Market Complicity and Christian Ethics
The marketplace is a remarkable social institution that has greatly extended our reach so shoppers in the West can now buy fresh-cut flowers, vegetables, and tropical fruits grown halfway across the globe even in the depths of winter. However, these expanded choices have also come with considerable moral responsibilities as our economic decisions can have far-reaching effects by either ennobling or debasing human lives. In this book, Albino Barrera examines our own moral responsibilities for the distant harms of our market transactions from a Christian viewpoint, identifying how the market's division of labour makes us unwitting collaborators in others' wrongdoing and in collective ills. His important account covers a range of different subjects, including law, economics, philosophy, and theology, in order to identify the injurious ripple effects of our market activities.
- Electronic book text
- 20 Jun 2011
- CAMBRIDGE UNIVERSITY PRESS
- Cambridge University Press (Virtual Publishing)
- Cambridge, United Kingdom
'Barrera writes clearly with lucid prose and a transparent step-by-step approach ... The book's key value is in two areas: its methodology, and the range of disciplines applied ... [It] is a marvel of scholastic reasoning, and is thorough in the breadth of disciplines that are applied to establish responsibility for the scenarios examined.' Church Times '... an important book on an important subject ... Barrera covers new ground in moral theology and provides a framework for a rigorous examination of the ethics of an important and underexplored aspect of market economics ... a significant and groundbreaking study ...' Journal of Theological Studies '... an excellent framework for evaluating the moral culpability of those who engage in voluntary transactions in the marketplace ... [Barrera's] work is thought-provoking ...' Review of Social Economy '... an important contribution to the continuing discussion on Christian ethics within the global market ... of value to anyone who is interested in the morality of the global market.' Religion 'Barrer traces the distinct ways in which moral philosophy, Christian ethics, and economic theory identify economic harms - an interdisciplinary approach he uses well and often to exploit the deepest insights into his subject.' The Journal of Religion 'This book is a very welcome contribution to a highly interesting subject: anyone interested in Christian economic ethics or in economic ethics in general will find the book very illuminating and stimulating.' ARR Book Review '... a thorough treatment of the topic.' Heythorp Journal 'Of particular interest is Barrera's summary of what is distinctive about Christian ethics. ... he develops a compelling account of the essential role of community in moral formation ... and the effect this should have on our economic choices.' Journal of the Society of Christian Ethics '... a thoughtfully argued proposal for an approach to material cooperation that is more detailed and precise ... Put simply, Barrera works with the moral tradition he has inherited but enriches it by his employment of parallel insights from other disciplines. ... Barrera has provided us with a valuable book ... it is a very fine achievement.' The Thomist 'Barrera sets himself a tough intellectual challenge. ... It is a very impressive book. ... The interweaving of a philosophy of causation, the law of tort and P.D.E. [principle of double effect] in Thomism illuminates current economic events in a magisterial way.'Ecclesiology Ecclesiology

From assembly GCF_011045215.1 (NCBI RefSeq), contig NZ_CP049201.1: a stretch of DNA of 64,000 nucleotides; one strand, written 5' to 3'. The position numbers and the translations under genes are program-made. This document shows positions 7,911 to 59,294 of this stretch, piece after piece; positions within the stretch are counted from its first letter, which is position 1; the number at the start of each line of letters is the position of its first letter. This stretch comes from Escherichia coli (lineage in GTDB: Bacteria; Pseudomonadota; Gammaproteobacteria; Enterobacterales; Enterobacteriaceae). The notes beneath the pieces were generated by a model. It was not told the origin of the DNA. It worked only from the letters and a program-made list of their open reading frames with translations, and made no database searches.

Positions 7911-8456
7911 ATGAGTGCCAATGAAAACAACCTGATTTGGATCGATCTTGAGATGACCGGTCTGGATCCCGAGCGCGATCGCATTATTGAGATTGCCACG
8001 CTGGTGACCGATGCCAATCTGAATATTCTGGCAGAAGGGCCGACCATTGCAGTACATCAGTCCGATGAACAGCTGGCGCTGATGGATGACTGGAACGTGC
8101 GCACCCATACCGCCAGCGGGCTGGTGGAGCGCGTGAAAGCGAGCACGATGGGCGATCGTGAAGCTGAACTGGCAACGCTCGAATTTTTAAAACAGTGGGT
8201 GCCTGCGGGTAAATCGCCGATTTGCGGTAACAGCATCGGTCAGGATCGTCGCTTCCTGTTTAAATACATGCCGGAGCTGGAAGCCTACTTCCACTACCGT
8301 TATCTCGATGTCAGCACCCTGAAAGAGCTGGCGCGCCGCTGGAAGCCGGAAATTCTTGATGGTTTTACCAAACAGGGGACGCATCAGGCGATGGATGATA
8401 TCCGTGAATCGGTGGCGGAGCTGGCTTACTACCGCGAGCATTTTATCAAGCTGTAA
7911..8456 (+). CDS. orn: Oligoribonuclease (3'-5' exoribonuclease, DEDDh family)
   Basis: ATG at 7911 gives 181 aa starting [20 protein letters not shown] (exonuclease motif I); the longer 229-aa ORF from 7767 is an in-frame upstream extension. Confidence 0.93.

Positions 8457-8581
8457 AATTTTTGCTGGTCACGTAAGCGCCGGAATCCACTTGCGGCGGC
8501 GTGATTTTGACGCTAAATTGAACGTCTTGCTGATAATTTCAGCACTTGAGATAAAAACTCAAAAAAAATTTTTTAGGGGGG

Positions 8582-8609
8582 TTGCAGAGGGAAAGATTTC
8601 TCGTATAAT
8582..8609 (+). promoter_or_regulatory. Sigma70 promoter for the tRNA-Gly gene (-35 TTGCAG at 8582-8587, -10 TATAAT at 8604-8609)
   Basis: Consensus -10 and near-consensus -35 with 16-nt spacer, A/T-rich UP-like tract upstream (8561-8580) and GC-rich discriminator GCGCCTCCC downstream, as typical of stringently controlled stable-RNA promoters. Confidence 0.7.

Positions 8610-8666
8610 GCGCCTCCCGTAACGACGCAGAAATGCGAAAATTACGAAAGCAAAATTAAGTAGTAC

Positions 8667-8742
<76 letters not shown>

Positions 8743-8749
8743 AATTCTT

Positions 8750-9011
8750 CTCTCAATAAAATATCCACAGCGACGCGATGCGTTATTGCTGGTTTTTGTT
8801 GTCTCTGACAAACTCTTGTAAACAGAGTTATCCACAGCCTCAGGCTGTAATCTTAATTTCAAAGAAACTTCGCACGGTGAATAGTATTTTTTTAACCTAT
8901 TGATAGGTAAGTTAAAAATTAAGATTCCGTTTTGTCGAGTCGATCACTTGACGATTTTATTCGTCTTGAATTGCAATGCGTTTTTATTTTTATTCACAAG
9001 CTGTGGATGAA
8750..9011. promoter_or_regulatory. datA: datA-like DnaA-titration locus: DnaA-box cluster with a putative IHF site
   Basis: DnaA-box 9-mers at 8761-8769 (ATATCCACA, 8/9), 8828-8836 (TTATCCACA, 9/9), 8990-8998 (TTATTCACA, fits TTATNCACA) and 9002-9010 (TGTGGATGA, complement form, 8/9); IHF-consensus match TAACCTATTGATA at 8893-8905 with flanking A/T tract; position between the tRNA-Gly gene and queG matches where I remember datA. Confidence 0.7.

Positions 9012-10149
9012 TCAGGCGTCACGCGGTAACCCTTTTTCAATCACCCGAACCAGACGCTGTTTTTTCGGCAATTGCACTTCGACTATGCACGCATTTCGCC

Table of contents
Preface; Part I. Theory: Material Cooperation in Economic Life: 1. The nature of material cooperation and moral complicity; 2. Complicity in what? The problem of accumulative harms; 3. Too small and morally insignificant? The problem of overdetermination; 4. Who is morally responsible in the chain of causation? The problem of interdependence; Part II. Application: A Typology of Market-Mediated Complicity: A. Hard Complicity: 5. Benefiting from and enabling wrongdoing; 6. Precipitating gratuitous harms; B. Soft Complicity: 7. Leaving severe pecuniary externalities unattended; 8. Reinforcing injurious socioeconomic structures; Part III. Synthesis and Conclusions: 9. Toward a theology of economic responsibility; 10. Synthesis: Christian ethics and blameworthy material cooperation; References; Index.